How convenient then, that the NDP is calling for the investigation of the Prime Minister for breeching Section 8 of the Code of Ethics, which states:
"When performing parliamentary duties and functions, a Member shall not act
in any way to further his or her private interests or those of a member of the
Member's family, or to improperly further another person's private interests."
People have said that consistency dictates that if you were against floor crossing when Belinda did it, that you should also be against it now that Emerson has done it.
If that's the case, is the reverse not also true?
Go back a year. (If you can't be bothered with the history, skip to the last two paragraphs).
In late March, early April 2005, Gomery was still big and the Conservatives were ahead in the polls. The Liberals feared the Conservatives believed they had a chance to win an election, so they might take this window of opportunity to bring down the government. They decided to yank 'Opposition Days' removing any threat that the opposition could bring any business to the House -- so there couldn't be a non-confidence motion.
The three opposition parties were justifiably outraged that their parliamentary right to Opposition Days had been arbitrarily revoked. Harper, as the leader of the Official Opposition decided to call Martin's bluff. The government wasn't going to allow them to bring business to the House so the Conservatives would now vote against the budget rather than abstaining. Bloc and the NDP were already against the budget, if the Conservatives joined them, this would bring the government down.
The government then refused to bring their own budget for a vote Martin had his caucus filibuster their own budget to prevent it coming to a vote.
Knowing the filibuster couldn't last forever, Martin took to the airwaves and whinged, giving rise to the infamous statements: 'Let Gomery do his work!' and 'Canadians don't want an election!' The media came away parroting those lines. Instead of focussing on the government actions that had thwarted democracy and created the acrimony in the House, the media reported that Harper was 'angry'. A public who hadn't been paying close attention didn't understand why. The media never really answered except to point to the Gomery inquiry, which really wasn't the catalist to these events.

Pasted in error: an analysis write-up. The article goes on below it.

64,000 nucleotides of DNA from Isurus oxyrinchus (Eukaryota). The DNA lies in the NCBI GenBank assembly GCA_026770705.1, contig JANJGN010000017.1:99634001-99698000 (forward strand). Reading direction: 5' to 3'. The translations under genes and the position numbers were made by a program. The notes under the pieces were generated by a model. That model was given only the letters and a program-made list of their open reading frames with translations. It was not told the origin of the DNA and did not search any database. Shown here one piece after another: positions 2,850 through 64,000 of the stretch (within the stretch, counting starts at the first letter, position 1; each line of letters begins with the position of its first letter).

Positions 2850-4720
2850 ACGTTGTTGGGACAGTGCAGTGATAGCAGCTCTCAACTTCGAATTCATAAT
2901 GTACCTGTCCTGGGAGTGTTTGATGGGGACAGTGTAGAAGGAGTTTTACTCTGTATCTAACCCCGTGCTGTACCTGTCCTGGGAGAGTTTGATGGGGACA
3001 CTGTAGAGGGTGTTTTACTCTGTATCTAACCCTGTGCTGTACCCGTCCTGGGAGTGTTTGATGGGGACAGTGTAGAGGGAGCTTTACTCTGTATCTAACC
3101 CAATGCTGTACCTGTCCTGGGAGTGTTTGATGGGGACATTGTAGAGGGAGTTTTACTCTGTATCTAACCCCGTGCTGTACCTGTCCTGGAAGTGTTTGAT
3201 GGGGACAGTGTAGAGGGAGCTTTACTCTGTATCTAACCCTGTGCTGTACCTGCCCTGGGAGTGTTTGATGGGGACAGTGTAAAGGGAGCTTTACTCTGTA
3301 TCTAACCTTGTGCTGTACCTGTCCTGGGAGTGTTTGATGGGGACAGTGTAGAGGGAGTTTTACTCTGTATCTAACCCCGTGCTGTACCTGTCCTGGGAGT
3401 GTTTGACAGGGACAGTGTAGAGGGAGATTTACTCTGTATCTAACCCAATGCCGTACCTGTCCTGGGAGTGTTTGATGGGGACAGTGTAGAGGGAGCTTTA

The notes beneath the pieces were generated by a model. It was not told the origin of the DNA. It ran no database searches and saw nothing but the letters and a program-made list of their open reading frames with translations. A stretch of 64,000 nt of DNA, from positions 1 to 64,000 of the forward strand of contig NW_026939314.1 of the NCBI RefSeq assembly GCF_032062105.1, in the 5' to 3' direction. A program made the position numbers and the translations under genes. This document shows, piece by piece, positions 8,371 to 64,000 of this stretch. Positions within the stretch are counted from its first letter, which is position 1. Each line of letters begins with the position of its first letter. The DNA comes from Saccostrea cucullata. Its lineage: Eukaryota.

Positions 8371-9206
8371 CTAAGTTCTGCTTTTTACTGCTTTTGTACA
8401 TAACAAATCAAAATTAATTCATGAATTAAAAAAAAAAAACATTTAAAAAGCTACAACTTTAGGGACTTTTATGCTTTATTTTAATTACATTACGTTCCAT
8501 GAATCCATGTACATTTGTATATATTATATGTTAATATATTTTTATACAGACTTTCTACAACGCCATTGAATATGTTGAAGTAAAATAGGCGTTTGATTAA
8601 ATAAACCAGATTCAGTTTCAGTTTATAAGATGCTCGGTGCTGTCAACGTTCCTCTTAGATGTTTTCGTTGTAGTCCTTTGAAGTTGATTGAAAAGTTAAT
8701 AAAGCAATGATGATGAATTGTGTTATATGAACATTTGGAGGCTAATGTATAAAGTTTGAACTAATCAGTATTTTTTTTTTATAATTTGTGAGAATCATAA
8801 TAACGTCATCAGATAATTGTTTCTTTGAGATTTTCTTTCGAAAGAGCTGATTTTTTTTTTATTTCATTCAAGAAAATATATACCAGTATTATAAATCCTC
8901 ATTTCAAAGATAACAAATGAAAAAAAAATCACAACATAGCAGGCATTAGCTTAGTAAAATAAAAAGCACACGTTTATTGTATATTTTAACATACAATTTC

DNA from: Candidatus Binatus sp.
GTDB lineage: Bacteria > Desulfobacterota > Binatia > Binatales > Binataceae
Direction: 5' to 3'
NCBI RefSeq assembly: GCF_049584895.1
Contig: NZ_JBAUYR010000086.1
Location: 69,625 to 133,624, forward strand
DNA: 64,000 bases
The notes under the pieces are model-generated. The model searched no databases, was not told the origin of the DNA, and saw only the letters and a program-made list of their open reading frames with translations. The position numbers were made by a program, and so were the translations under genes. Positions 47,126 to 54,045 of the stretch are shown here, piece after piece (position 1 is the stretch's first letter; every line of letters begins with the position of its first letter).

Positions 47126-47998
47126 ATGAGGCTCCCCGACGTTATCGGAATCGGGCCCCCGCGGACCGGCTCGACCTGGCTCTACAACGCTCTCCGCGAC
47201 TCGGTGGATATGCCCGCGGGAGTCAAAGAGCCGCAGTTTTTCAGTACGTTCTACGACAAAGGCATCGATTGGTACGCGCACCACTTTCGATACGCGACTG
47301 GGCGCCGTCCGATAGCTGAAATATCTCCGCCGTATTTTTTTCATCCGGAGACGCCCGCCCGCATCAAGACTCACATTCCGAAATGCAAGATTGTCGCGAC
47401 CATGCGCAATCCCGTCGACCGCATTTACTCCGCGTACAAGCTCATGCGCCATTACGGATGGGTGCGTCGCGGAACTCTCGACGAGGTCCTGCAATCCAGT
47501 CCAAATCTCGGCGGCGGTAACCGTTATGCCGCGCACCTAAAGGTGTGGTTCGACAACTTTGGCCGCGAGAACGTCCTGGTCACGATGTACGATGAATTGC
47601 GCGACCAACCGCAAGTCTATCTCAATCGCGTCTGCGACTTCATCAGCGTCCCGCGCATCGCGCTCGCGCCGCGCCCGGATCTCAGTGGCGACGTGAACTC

Jack Layton got up that same night and pulled a rabbit out of his hat. He started the ritualistically recited mantra that he was committed to 'making this parliament work' . Martin took the bait and the two of them along with Buzz Hargrove cooked up a deal in a hotel room. The deal would provide vague outlines of where the NDP wanted money directed, but had none of the specifics of a 'real' budget. Layton called for $4.6 billion in new spending after the removal of corporate tax cuts from the original budget. The NDP could lay claim to influence. The Liberals were saved by a hair.
Business received a nudge and wink that their tax cuts would stay, and the socialists convinced their constituency that money would begin to flow immediately. For the price of a lie, the Liberals bought 19 votes.
At the first opportunity (May 10) the Conservatives and Bloc Québécois indicated their lack of confidence in the government by passing a motion in the House, adding an amendment to a bill which called on a parliamentary committee to request the government's resignation. The motion passed, 153-150. Despite the fact that this motion clearly indicated the government did not have the confidence of the majority of MPs in the House, the government ignored the vote declaring that the motion was a procedural one (without benefit of Opposition Days -- no business could be brought forward by the opposition in the usual manner, the government refused to bring the budget to a vote -- so this route was taken as the only route available).